13. The unity of the Palestinian political system and its institutions and the unity of its national authority through the Palestine Liberation Organization (PLO), which needs to be rebuilt on valid grounds to include all Palestinian forces and components. The current division does not reflect our origin, nor does it reflect reality. This division has been imposed upon us after international and regional forces rejected the results of the 2006 Palestinian elections in which Hamas was victorious. However, the unity of the Palestinian political system is imperative and we are sparing no efforts to achieve this, God willing.
14. Liberation first, the state later. A true state is the fruit of liberation, but a state that is the fruit of an agreement is merely a symbolic entity or a self-governing authority. Call it what you will, but a real state is the fruit of liberation first, and there is no alternative to establishing a Palestinian state with true sovereignty over the entire territory.
On the other hand, the Palestinian Authority is a reality we want to manage through a national partnership with others to serve our people, their rights, and their liberation project in a manner that is consistent with their national principles.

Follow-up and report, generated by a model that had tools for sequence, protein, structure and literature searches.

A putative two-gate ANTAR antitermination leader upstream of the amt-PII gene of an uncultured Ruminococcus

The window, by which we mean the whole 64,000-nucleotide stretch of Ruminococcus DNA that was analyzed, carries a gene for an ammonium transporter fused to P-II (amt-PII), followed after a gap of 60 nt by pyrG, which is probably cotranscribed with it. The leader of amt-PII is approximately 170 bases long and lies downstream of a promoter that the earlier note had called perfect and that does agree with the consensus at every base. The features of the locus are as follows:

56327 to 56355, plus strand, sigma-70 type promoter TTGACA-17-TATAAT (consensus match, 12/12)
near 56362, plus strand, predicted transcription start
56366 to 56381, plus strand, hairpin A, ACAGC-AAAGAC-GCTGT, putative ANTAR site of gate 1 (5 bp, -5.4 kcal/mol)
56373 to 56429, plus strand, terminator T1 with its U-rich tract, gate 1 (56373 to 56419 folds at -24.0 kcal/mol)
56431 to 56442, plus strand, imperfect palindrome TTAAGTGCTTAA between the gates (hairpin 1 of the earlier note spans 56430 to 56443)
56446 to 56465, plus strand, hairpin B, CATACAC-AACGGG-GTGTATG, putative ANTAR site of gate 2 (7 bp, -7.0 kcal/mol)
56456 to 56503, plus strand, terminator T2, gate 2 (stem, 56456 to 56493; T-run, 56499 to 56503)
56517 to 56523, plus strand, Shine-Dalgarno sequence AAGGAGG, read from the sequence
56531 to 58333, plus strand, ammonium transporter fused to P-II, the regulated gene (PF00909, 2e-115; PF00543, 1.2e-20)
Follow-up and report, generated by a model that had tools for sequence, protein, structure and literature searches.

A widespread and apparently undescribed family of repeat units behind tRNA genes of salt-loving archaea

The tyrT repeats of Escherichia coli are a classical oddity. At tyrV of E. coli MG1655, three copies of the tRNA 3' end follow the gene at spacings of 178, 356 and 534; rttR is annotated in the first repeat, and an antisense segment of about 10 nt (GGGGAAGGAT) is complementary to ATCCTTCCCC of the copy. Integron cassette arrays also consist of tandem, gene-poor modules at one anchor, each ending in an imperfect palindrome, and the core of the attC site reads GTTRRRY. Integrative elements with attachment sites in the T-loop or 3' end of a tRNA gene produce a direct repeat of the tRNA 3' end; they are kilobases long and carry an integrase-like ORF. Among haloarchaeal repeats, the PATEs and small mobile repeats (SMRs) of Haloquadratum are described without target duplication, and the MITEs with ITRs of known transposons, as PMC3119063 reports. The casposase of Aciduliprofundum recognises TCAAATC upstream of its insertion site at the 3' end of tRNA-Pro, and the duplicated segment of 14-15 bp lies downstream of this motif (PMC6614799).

15. Independent Palestinian national decision: This is a principle that is based on non-dependency or reliance on any other country or party in the world, whether it is friend, ally, enemy or opponent. However, this does not mean, nor can we accept it in the context of limiting the Palestinian issue to the Palestinians and terminating or weakening the Arab and Islamic roles. The issue of Palestine was, and will remain, not only an Arab and Islamic issue, but also a humanitarian issue.
16. The establishment of national Palestinian institutions and authorities should always be based on democracy, starting with free and fair elections with equal opportunities. Moreover, the principle of partnership and national coalition work should be present in every phase, regardless of the chances of success, with emphasis on the fact that opposition is a legitimate right for everyone, provided that the opposition is constructive. In addition to this, everyone must refer to the results of the ballot boxes and respect the will of the people, as well as accept the peaceful change of authority. We must also be reminded that we are a special and unusual case since we are still living under occupation.